To what extent should recruiters judge us on our online image?
Throughout grade school, we were constantly reminded to use social media responsibly. We’ve been taught to portray ourselves in the best possible light. The classic warning always issued was one along the lines of, “You don’t want colleges to see that.”
However, the problem is that we don’t have complete control of our online image.
With the advent of platforms like Snapchat, Instagram, and Twitter, it has become nearly impossible to uphold a pristine online reputation. The seemingly harmless 10-second snap that supposedly disappears after you hit send actually doesn’t disappear at all.
Certainly, there are some that conscientiously take care of their online reputation. I’ve heard people express concerns to friends over not wanting a particular picture posted on Instagram or Snapchat because of the possible ramifications it could have on their future endeavors. But what about that snap you’re caught in the background of by someone you don’t even know? What about those birthday collages your friends post on your timeline?
Sure, those embarrassing, double-chinned selfies you send to your friends are innocuous. But what about those videos and pictures from a crazy night out that appear posted to your Snapchat Story when you wake up the next morning? It might seem like a relatively trivial issue with a simple fix: “Be more responsible.” But this is hard to do in a world that is so socially reliant on online platforms. Furthermore, as college students, we are enveloped in a so-called “party culture” that is heavily supplemented by the use of smartphones. Therefore, pictures and videos of a night out are bound to be taken and then judged out of context. And, crucially, an online social image does not determine physical and intellectual capabilities or if someone is innocent or guilty.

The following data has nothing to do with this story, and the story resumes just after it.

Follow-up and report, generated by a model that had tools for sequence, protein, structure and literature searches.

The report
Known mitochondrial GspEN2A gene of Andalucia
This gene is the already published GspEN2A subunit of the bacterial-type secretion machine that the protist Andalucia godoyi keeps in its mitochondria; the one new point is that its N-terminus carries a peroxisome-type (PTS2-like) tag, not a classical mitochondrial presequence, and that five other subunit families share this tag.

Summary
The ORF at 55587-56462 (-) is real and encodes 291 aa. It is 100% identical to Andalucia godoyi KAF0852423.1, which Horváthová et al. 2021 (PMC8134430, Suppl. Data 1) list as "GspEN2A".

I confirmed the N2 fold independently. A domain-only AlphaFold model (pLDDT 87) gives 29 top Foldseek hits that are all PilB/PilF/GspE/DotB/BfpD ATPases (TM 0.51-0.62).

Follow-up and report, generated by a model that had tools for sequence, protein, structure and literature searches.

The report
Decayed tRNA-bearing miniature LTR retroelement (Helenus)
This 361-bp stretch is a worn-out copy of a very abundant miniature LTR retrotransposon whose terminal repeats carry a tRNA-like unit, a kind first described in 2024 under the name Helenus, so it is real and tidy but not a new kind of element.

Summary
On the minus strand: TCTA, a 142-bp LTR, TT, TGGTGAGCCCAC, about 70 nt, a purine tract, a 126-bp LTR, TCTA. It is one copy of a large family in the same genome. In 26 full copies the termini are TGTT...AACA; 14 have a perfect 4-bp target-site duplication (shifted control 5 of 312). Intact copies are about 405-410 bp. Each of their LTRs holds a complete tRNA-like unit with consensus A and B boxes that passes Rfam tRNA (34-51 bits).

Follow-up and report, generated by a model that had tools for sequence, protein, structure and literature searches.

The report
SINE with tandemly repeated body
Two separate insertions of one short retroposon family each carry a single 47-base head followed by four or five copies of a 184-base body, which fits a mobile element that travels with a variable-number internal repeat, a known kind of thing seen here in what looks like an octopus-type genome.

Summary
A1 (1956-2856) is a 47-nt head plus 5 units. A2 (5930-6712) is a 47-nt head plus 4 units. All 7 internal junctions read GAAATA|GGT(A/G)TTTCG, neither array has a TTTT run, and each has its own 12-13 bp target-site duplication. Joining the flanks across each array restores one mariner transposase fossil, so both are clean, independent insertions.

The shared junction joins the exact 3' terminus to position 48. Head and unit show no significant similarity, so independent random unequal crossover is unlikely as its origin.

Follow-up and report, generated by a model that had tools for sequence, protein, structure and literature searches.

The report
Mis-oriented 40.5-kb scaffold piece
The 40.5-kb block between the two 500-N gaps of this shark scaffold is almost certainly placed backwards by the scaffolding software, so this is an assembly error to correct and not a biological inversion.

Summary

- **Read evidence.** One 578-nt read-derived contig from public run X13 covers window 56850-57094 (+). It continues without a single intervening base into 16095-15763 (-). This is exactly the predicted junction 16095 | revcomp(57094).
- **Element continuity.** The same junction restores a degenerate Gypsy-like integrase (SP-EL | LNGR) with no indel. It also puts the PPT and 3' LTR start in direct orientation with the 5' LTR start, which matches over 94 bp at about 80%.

We currently reside in a society that tends to scrutinize, although certainly with good reason at times. If this past election taught us anything, it is that our online presence can come back to haunt us. But the question is, should there be a different standard for our generation? With the advent of 21st-century social media platforms, sharing your life with the world is easier now more than ever. Should those snaps and Instagram pictures of a random night out with friends be subject to scrutiny and judgment when it comes to recruiters? What about when it comes to a political career?
Of course, one’s social media image is extremely difficult to judge, simply because there is no standardized way to analyze it—there is no magic formula into which we can plug a name and determine whether one’s online social image is immaculate. Instead, practicality on a case-by-case basis must be applied when judging someone based on their online image. Obviously, if there is evidence online to suggest someone has a concerning criminal history, or anything of similar severity, then decisions concerning recruitment should be reconsidered accordingly. Yet expectations need to change in accordance with the changing tools that surround us. Social media gives us a space to document everything. The disadvantage is that a space now exists where everything gets documented and can be taken out of context. It’s time we redefine what’s acceptable in the 21st century.
Aditi Mahesh is a member of the Class of 2021 and can be reached at firstname.lastname@example.org.